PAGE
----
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BLOGS


August 9 If at fi rst you don’t succeed…


Getting direct services from Shrewsbury and Blackpool to London has been a long-fought battle, and one for which there is clearly popular demand.


Valid rejections for the application have not tampered Virgin’s spirit to make good on their promise to passengers. Despite being told by both Network Rail and the ORR that such services are unviable on such a busy line, at least for now, Virgin has immediately launched another application.


The enthusiasm is admirable, but will the improvements being made to the WCML make enough of a difference, quickly enough to allow extra services? Capacity issues are paramount on the route, and


running more trains seems as if it is a longer-term aim, not something that can be introduced at the drop of a hat.


July 29 Passing the blame


Network Rail has published the estimated proportion of train delays for which it is responsible, compared to punctuality controlled by train operators.


The average fi gure is far higher than most passengers would ever have guessed, demonstrating the benefi t in greater transparency around PPM fi gures, at least for the TOCs.


But those which regularly perform poorly – East Coast and Virgin Trains – are only marginally worse off in terms of infrastructure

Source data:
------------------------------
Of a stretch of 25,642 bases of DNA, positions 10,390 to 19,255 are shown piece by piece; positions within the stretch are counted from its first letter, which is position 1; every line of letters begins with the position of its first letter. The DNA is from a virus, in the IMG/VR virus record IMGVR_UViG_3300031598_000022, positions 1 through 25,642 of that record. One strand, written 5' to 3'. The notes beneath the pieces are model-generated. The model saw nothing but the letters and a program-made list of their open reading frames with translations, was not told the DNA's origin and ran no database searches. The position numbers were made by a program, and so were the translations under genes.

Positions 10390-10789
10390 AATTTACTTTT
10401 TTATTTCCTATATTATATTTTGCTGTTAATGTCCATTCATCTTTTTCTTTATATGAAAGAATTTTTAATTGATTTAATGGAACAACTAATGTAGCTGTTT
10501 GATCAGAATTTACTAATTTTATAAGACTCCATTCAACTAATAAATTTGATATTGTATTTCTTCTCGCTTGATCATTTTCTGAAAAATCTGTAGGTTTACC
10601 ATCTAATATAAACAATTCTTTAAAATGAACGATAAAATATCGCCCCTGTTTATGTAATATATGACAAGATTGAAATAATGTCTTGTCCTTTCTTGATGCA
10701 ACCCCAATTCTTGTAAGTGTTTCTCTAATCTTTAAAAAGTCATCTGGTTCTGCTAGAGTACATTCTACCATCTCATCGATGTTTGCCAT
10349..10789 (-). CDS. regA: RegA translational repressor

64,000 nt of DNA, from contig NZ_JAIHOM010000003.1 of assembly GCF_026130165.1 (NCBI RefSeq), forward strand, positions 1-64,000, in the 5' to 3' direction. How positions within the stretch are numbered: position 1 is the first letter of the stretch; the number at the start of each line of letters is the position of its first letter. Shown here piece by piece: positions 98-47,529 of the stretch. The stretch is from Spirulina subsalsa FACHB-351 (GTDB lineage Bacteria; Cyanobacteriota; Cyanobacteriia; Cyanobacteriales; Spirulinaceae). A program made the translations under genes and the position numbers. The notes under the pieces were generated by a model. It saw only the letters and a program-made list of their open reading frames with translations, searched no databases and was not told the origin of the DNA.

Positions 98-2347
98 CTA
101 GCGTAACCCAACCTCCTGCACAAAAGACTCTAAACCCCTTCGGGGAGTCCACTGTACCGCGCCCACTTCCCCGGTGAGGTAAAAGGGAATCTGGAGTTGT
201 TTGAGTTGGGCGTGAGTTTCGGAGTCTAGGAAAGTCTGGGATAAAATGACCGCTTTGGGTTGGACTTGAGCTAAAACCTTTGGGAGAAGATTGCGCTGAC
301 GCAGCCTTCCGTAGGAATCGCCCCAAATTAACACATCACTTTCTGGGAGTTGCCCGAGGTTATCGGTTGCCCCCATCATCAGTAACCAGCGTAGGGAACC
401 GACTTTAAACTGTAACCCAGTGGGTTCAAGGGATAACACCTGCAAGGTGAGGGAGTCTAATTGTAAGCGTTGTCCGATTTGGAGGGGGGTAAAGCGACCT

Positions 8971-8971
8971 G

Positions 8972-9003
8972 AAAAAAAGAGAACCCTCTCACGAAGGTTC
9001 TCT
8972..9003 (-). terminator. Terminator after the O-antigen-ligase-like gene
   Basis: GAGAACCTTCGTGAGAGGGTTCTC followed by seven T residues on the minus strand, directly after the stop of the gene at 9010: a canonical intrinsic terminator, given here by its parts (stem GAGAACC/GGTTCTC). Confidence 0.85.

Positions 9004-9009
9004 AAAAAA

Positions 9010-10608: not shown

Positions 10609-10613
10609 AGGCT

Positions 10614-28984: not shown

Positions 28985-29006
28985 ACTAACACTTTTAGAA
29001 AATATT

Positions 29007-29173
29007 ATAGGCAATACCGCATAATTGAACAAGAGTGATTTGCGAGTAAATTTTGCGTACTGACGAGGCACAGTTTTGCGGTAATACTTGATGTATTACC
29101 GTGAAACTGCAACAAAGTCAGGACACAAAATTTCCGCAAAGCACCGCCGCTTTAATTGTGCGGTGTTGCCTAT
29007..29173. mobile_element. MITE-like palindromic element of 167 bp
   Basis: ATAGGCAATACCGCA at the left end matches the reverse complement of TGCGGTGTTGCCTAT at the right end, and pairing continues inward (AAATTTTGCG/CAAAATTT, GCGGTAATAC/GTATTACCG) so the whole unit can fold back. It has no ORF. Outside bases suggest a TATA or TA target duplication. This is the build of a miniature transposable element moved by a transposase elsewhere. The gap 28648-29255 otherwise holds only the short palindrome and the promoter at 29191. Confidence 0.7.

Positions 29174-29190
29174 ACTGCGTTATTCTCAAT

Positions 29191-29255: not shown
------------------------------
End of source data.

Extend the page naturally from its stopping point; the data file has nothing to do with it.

This is particularly vital during times of disruption, and the more spectacular the damage, the more people will be talking about it. It doesn’t get much more spectacular than a lightning strike, and it was encouraging to see so many operators using social media to keep their passengers up to date, and to join in the conversation.


Knowing the cause of disruption, and early estimates of the length of delays, allows passengers to make alternative travel arrangements and plan accordingly.


failings, as reported by Network Rail. If some franchises are thriving despite these problems, then why aren’t they?


July 23 This is real-time information


It’s been a busy morning on Twitter, demonstrating the clear need for the rail industry to learn from best practice on passenger information and good communications.


When so much news comes from crowd-sourcing and unoffi cial accounts, it is also essential that any misinformation or errors are corrected quickly and clearly.


As more and more of society’s communication goes digital, all businesses must keep up, and get online. Extraordinary events require extraordinary comms – so see you at @rtmnews and www.facebook. com/railtechnologymagazine.


July 15 A growing problem


Network Rail’s debt – guaranteed by the Government – is a tricky subject and one that not everyone wants to talk too much about.


That’s because ‘doing something about it’ is likely to be bad for the rail industry, and would involve drastic changes to the funding settlement, lower investment or even higher fares, or similar. In some ways it’s strange that the Government is not more concerned already; the situation has many similarities to the national debt situation that the Coalition has founded its entire economic policy on, namely keeping control of future interest payments and focusing on cutting spending rather than borrowing more. The ORR’s new discussion document raises it properly: let’s see where the discussion leads.


i 12 | rail technology magazine Aug/Sep 13


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